LMRC’s Panel Discussion explores Systemic Racism

Submitted by the office of the LMRC

In relation to the different consultation on racism held in Montreal in 2019, Lasalle Multicultural Resource Center with the support from Heritage Canada hosted a panel discussion on Systemic Racism on November 29th.
Despite a Friday evening many packed the hall, enjoyed a sumptuous cultural cocktail and short films on systemic racism before the panel discussion begun.
Dayna Dee Cozier a University Chemistry and Physics major made a compelling opening presentation citing that English Quebecers continue to feel marginalized and ignored by a system that has built its foundation on attempting to mask systemic racial biases and prejudices through linguistic political justifications.
This group, she stated face the complexity of double jeopardy and a high susceptibility to horrendous actions of interpersonal and systemic racism.
This was followed by Faye Cummings, a communications manager who noted the disparities experienced by Quebec Blacks and other visibility minorities in employment concluding that employment equity remains rhetorical with no sustainable mechanism of enforcement or accountability.
Nika Niami a Master Degree graduate and cyber bullying expert touched on the troubling dynamics between Black youths and schoolteachers as she has been observing.
Beatrice Brizi a Masters Graduate Community Coordinator and activist, talked about the deplorable housing conditions many Blacks are presently experiencing at the hands of uncaring landlords in Montreal, which drew a response from Liz Zarac, city counsellor and deputy mayor of LaSalle, who is responsible for diversity who stated that City officials are doing as much as possible to resolve the housing issues.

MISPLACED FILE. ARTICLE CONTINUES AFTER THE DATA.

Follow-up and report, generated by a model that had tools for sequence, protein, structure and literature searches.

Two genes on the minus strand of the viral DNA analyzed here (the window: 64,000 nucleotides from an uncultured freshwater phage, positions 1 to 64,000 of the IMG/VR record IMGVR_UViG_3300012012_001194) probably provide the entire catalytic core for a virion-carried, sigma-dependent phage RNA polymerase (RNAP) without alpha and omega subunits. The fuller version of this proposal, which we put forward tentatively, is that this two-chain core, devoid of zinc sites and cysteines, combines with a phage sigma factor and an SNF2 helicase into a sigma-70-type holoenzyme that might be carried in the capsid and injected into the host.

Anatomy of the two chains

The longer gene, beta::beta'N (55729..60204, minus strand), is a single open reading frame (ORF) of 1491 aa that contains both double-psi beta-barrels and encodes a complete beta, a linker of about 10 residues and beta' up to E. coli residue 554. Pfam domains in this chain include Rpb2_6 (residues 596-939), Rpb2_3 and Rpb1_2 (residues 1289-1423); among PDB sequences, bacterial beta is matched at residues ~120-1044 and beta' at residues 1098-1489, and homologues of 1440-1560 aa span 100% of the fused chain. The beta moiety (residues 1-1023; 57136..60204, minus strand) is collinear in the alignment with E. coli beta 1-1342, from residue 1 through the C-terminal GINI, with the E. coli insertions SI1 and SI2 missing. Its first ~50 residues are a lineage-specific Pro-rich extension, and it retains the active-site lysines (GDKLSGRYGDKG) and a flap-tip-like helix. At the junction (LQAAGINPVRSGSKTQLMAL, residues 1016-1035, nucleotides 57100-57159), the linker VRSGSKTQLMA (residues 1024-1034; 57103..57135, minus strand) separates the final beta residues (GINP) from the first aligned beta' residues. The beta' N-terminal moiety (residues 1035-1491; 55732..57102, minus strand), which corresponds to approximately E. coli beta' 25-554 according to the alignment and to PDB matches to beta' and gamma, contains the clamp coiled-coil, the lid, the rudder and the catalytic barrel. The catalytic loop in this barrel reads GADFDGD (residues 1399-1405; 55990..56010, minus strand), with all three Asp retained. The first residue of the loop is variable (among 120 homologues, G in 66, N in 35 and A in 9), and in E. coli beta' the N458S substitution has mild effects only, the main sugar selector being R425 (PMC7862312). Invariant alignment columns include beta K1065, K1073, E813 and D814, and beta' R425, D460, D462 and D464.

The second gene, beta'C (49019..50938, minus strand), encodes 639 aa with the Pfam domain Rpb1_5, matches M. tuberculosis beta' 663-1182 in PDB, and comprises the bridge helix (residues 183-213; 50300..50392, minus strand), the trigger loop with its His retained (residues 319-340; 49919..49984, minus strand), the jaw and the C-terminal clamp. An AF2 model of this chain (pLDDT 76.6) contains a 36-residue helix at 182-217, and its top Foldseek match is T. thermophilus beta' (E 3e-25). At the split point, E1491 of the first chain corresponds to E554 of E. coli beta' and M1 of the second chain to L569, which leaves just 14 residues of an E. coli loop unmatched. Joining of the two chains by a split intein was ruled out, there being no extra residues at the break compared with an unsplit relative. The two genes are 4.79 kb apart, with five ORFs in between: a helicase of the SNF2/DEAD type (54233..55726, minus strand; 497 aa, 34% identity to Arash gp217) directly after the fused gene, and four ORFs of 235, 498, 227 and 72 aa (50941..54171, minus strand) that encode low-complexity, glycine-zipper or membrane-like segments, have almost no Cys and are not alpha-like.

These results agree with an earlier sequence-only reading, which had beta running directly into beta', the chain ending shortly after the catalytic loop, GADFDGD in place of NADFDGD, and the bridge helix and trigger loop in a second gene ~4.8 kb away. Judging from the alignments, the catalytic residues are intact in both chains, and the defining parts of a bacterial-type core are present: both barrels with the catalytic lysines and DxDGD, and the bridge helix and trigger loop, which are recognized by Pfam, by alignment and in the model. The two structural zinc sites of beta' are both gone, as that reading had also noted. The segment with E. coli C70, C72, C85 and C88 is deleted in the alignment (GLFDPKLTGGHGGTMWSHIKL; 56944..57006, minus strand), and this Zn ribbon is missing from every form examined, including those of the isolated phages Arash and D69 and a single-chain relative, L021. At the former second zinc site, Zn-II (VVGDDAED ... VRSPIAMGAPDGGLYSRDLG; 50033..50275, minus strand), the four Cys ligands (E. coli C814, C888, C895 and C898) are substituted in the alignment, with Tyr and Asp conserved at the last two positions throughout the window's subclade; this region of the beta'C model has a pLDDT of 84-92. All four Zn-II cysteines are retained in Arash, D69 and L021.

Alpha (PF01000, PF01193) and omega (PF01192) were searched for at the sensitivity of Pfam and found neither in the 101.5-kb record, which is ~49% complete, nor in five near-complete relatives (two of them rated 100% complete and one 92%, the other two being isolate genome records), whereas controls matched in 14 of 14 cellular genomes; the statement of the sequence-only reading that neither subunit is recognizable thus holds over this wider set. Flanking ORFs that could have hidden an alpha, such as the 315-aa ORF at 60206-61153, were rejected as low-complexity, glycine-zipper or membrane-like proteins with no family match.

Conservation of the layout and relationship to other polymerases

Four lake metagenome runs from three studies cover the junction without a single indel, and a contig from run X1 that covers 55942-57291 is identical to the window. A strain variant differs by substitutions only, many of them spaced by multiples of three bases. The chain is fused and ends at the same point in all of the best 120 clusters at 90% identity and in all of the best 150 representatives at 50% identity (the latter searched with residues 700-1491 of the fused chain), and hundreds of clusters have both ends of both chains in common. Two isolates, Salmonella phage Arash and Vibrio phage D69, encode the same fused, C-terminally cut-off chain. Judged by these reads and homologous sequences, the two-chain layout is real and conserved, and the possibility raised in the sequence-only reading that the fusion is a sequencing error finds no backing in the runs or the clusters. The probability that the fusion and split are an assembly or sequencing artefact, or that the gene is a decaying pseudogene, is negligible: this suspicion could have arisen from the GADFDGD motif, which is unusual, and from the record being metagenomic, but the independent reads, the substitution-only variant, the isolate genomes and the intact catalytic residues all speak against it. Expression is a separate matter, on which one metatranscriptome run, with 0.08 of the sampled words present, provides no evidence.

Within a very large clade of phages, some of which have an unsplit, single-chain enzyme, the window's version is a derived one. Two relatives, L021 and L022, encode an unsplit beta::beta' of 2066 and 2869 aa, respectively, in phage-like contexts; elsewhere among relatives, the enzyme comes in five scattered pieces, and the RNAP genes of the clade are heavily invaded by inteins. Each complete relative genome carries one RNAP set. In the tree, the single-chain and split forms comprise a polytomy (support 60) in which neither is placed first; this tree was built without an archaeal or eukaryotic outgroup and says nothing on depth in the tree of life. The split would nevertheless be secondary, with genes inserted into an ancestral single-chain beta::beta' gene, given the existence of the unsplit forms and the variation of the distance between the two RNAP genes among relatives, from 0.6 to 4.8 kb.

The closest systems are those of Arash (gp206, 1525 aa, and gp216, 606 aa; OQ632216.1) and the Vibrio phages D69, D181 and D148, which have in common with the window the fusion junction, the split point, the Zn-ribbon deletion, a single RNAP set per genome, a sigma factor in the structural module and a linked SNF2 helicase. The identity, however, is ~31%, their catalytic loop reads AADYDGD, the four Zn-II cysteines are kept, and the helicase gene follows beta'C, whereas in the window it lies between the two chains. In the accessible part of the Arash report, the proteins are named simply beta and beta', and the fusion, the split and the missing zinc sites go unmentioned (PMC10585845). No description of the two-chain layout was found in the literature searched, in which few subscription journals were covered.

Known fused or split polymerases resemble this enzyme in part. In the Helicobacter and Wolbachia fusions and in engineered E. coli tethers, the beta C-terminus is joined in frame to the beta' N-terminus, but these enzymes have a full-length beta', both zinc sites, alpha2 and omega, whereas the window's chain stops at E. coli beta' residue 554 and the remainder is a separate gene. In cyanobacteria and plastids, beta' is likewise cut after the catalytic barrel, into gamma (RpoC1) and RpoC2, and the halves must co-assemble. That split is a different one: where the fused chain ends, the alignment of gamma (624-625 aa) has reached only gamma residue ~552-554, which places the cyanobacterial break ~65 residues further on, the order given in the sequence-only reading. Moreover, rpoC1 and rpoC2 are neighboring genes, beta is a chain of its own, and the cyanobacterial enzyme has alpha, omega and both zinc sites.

Another panellist, Alix Adrien, former school principal and president of Quebec Black Board of Educators re-emphasized the issue of racial profiling and the under-representation of Blacks in the police, fire department, the boroughs and other public service sectors.
Moderator Terry Ngala was well composed and did a fabulous job in containing this emotional discussions and allowing full participation from the audience.
The evening ended with panellists offering recommendations of how government and decision makers can combat systemic racism in policies and practice. These recommendations were compiled by the LMRC and will be submitted to the Commission responsible for the public forums on racism. Several media outlets were on hand to report on the event.
Also on November 30, 2019, the LaSalle Multicultural Resource Center hosted an Intercultural Multicultural Expose Concert sponsored by Canadian Heritage, which featured a diversity of cultural artists showcasing their talents, learning about each other and interacting in harmony. The event sponsored in part by Canadian Heritage turned out to be a treat for the audience.